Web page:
Numbers — they always look so solid, so reassuring, so — dare I say — hopeful? Earlier this week, the U.S. Department of Education issued a new report titled Arts Education In Public Elementary and Secondary Schools, 1999-2000 and 2009-10.
"In the 2009-10 school year, music education was almost universally available in the nation's public elementary schools, with 94% of schools offering instruction that was designated specifically for music," the report states. "Music instruction was available in almost all public secondary schools," with the actual number given at 91%.
Over the last decade, these numbers have remained surprisingly steadfast. That might seem like a cause for celebration, a victory over the doggedly narrow focus on reading and math test scores driven by No Child Left Behind, but don't break out the vuvuzelas just yet.
"The disparity between what schools offer and what students actually receive can be enormous," explains Richard Kessler, Dean of Mannes College The New School of Music and former Executive Director of The Center for Arts Education. "What the data isn't telling you is that you can have schools where there is one music teacher and 1000 students. Some of those students are going to get music and some of those students aren't."
There's some evidence in the DOE study to suggest the impossibly large student/teacher ratios Kessler describes, but you really have to hunt for it. Take Table 70, one of 165 supplemental tables: it shows that only 81% of secondary schools with an enrollment under 500 offer music as compared to 98% of secondary schools with a thousand students or more. Coincidence? I think not. Even if one simply uses the DOE's enrollment numbers to calculate the number of students in schools without music instruction at all, that's over 2.1 million children across the country — likely a conservative estimate
Teachers, veterans of the actual classrooms, paint a less rosy picture, though that information is again largely buried in the supplementary tables. Elementary school music specialists rated the support for their teaching "somewhat or very inadequate" in a variety of areas: funding (40%), facilities (27%), materials, equipment, tools and instruments (23%), instructional time in the arts (28%) and the number of arts specialists (36%).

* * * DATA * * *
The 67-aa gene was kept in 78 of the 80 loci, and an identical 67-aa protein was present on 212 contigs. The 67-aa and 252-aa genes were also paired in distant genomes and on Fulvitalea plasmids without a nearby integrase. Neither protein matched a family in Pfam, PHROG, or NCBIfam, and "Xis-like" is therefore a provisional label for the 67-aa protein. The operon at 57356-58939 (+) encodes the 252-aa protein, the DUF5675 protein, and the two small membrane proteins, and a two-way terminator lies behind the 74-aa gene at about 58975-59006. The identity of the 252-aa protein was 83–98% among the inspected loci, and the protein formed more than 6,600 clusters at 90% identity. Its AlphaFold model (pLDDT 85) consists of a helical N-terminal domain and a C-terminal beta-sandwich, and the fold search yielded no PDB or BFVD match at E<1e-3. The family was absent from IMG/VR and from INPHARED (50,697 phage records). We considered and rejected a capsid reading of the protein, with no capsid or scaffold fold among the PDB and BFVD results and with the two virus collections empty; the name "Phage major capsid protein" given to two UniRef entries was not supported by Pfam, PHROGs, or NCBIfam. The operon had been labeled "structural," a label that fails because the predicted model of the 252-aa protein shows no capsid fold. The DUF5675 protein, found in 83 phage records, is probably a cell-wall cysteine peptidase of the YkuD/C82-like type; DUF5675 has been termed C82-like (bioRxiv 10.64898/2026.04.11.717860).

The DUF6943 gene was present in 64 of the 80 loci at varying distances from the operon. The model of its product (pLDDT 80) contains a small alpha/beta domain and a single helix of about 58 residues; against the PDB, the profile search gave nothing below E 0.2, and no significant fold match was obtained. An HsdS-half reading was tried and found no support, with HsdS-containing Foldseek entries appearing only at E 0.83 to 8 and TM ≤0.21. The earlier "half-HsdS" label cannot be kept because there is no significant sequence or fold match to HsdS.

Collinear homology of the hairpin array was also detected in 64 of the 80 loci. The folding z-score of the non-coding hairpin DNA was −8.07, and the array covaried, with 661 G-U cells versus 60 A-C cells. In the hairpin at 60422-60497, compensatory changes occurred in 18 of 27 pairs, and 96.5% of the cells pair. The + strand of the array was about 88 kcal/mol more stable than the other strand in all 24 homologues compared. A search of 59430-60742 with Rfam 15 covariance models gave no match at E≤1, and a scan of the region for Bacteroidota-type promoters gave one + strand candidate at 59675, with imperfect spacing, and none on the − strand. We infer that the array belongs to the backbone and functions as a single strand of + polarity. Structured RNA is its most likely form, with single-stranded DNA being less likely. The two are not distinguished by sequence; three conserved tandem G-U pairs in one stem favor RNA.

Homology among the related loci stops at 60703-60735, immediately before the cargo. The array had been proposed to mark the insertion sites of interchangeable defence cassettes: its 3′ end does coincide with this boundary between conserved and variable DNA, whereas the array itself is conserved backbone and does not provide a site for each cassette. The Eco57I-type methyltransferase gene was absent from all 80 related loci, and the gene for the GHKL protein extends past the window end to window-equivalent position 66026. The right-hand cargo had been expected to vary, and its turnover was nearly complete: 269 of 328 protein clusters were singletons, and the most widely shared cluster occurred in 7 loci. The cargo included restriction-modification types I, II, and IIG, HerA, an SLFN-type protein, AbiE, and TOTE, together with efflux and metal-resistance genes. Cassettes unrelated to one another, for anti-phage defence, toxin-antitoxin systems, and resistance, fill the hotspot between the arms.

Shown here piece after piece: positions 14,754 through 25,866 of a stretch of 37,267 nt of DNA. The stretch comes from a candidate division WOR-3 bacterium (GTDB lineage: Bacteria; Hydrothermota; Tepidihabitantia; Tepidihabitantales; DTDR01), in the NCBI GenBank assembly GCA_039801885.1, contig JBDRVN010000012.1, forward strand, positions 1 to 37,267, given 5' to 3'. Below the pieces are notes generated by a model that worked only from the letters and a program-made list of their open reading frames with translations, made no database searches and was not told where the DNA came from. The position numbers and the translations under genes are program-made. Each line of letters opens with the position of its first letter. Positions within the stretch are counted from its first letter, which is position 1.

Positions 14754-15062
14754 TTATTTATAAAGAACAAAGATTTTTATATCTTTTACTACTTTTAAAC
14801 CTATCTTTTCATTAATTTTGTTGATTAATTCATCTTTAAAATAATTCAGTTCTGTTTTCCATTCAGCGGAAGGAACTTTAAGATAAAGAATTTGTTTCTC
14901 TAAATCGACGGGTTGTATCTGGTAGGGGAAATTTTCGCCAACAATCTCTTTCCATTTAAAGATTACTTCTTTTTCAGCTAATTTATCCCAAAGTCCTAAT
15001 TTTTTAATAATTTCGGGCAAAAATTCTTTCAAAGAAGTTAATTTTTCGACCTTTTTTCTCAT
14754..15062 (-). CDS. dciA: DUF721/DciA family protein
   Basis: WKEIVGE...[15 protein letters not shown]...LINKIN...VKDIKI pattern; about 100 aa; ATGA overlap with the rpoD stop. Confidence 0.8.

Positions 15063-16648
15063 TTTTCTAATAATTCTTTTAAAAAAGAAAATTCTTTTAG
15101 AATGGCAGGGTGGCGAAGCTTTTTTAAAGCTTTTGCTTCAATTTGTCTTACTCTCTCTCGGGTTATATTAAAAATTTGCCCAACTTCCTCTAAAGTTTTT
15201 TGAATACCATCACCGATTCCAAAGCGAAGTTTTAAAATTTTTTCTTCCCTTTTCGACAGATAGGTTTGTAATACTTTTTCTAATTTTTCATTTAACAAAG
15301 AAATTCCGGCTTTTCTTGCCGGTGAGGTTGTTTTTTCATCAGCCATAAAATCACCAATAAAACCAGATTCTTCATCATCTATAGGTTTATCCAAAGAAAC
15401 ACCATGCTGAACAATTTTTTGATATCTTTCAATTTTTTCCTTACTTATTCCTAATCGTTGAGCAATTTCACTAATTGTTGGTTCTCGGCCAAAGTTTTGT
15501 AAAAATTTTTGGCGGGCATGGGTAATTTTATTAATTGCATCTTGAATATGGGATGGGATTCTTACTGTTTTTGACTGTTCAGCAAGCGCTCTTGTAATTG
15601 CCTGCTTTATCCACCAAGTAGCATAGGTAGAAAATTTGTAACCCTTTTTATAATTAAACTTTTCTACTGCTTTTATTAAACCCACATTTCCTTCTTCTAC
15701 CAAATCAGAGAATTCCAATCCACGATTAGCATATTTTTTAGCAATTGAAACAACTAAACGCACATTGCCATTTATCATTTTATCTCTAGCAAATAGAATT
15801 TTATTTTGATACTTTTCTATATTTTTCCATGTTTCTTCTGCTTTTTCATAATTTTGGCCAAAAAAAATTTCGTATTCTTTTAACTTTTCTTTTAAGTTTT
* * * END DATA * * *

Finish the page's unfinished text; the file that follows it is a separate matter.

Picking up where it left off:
At the secondary school level the numbers were not encouraging. The percentage of teachers indicating that support was "not at all adequate or minimally adequate" was even higher: instructional time with students (17%), instructional resources (36%), orchestra and band instruments (35%), classroom instruments (38%), classroom equipment (39%), time for individual or collaborative planning (50%) and technology used in the study or creation of music (65%). Music may be almost universally offered in schools, but the issues that still need to be solved are abundant.
What the report does spell out quite clearly is the disparity between the availability of the arts in low-poverty schools as compared to high-poverty schools. In 1999-2000, a remarkable 100% of high-poverty secondary schools offered music instruction. That number has fallen quite significantly — to 81% today.
"We start to see an achievement gap not only where fewer low income schools have the arts, but where there are fewer kinds of music courses. [Their] music teachers have to collaborate more with classroom teachers, they're traveling between more schools, spreading themselves thin and perhaps have less time to perform themselves," says Sarah Bainter Cunningham, Executive Director of Research for Virginia Commonwealth University's School of the Arts and the NEA's former Director of Arts Education. "You see a lot of the low-income schools using arts integration [with academic subjects] and offering fewer courses in music. Some people might say that arts integration is wonderful, but it's not so wonderful if it's their solution to the problem that they have fewer fulltime teachers."
During the announcement of the report at Miner Elementary School in Washington, Education Secretary Arne Duncan pointed out why the persistence of this arts opportunity gap is especially troubling.
"First," he said, "children from disadvantaged backgrounds, students who are English language learners and students with disabilities often do not get the enrichment experiences of affluent students anywhere except at school. And second, a considerable body of research suggests that disadvantaged students especially benefit from high-quality arts education — including an important new study from the National Endowment for the Arts on 'The Arts and Achievement in At-Risk Youth' that relies on robust, longitudinal data."
The NEA report, released last week, shows that high levels of arts engagement by the lowest socioeconomic quarter of students corresponds with greater numbers of students who, for example, complete high school calculus, exercise the right to vote, do volunteer work, finish a Bachelor's degree and choose a professional career path. In short, the arts help create young adults who have better academic outcomes, are more civically engaged and exhibit higher career goals. Think about how the world could change if we could teach music to the 2.1 million students currently denied that opportunity — that would be worthy of a vuvuzela fanfare.